Australian elections differ in some ways from those in other countries, so it is important that all students understand our system. Question them about their knowledge of elections and perhaps run a small election within your classroom. Ask your students what they understand about elections.
Depending on the year level, you can vary the level of the input, but at any level it is possible to focus on understanding of the main concepts such as democracy, franchise, compulsory voting, ballot, polling booth, preferential and first-past-the post voting, scrutineer. Definitions can be found on https://www.aec.gov.au/footer/glossary.htm#division. Have students take part in a voting activity.
The Australian Electoral Commission ( https://education.aec.gov.au/getvoting/content/step-one.html) and the Electoral Commission of Queensland (https://guidetodemocracy.ecq.qld.gov.au/vote/ ) have activities that ask students to form parties, prepare campaigns, vote, and scrutinise the vote-counting, but teachers may wish to do only part of this. See the ballot paper generator at https://getvoting.aec.gov.au/ballotpaper.
Australian elections have many features unique to our country:
From a blog on the website of the Museum of Australian Democracy are some thoughts on International Democracy Day, 15 September 2020, from the Museum’s Director: https://www.moadoph.gov.au/blog/international-democracy-day/. Possibly the most distinctive Australian democratic value is compulsory voting.
1. Australia has a world-leading democracy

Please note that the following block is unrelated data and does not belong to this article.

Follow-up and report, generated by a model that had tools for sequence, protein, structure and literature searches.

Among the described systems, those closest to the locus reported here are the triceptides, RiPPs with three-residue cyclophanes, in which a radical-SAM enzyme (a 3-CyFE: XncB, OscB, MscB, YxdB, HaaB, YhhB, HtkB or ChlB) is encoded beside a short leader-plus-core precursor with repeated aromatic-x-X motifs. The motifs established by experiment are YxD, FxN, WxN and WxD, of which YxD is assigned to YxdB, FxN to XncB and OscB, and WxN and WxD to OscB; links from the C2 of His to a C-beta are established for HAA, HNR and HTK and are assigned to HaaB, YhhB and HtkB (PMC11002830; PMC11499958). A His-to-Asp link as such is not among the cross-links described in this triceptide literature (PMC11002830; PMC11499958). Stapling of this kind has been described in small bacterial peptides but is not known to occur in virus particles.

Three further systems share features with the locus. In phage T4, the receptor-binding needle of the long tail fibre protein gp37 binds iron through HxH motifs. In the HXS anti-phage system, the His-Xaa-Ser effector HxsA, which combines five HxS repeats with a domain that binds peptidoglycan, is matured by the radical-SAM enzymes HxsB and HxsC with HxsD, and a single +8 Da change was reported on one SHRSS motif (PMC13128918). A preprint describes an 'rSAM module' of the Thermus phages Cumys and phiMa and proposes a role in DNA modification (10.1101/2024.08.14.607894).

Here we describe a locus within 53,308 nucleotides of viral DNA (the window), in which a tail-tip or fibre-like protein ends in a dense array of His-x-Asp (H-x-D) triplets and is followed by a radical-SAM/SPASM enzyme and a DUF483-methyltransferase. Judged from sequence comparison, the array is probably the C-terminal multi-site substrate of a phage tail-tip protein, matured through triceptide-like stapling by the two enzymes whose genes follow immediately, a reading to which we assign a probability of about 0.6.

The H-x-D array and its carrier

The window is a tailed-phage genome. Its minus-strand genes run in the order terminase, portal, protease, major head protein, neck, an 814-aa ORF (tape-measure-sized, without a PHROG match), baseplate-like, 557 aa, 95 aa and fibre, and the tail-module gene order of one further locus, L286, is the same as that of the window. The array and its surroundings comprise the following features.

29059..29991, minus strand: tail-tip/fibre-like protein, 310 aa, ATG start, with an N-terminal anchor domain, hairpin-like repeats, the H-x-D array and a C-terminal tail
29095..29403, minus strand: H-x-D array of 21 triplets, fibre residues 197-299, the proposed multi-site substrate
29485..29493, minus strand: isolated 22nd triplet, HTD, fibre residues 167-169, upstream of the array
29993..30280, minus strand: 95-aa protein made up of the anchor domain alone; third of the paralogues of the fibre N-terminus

If democracy were a sport, Australia would be Olympic champions. We are one of only a handful of democracies around the world who can claim:
We should be really proud of this.
2. We’re in good hands with our future generations
Late in 2019 we interviewed 900 young people on their views on democracy, and our findings challenge the idea that young people are apathetic. In fact, they show that future voters are themselves champions of democracy, with 67% supporting democracy as the best option for Australia, and only 2 percent saying otherwise. Two thirds have an expressed interest in politics.
3. We can’t take democracy for granted.
History shows us that democracies can fail. Growing up in apartheid South Africa, in a family that escaped pogroms and persecution in Europe, I’ve seen media used for both bad and good, as a tool of control and to hold those in power to account. So it falls to all of us to be vigilant, to recognise manipulation, to uphold an independent judiciary and a free press, and to stand up for our democratic values.
The word ‘democracy’ has its origins in the Greek language. It combines two shorter words: ‘demos’ meaning whole citizen living within a particular city-state and ‘kratos’ meaning power or rule.
It is generally agreed that liberal democracies are based on four main principles: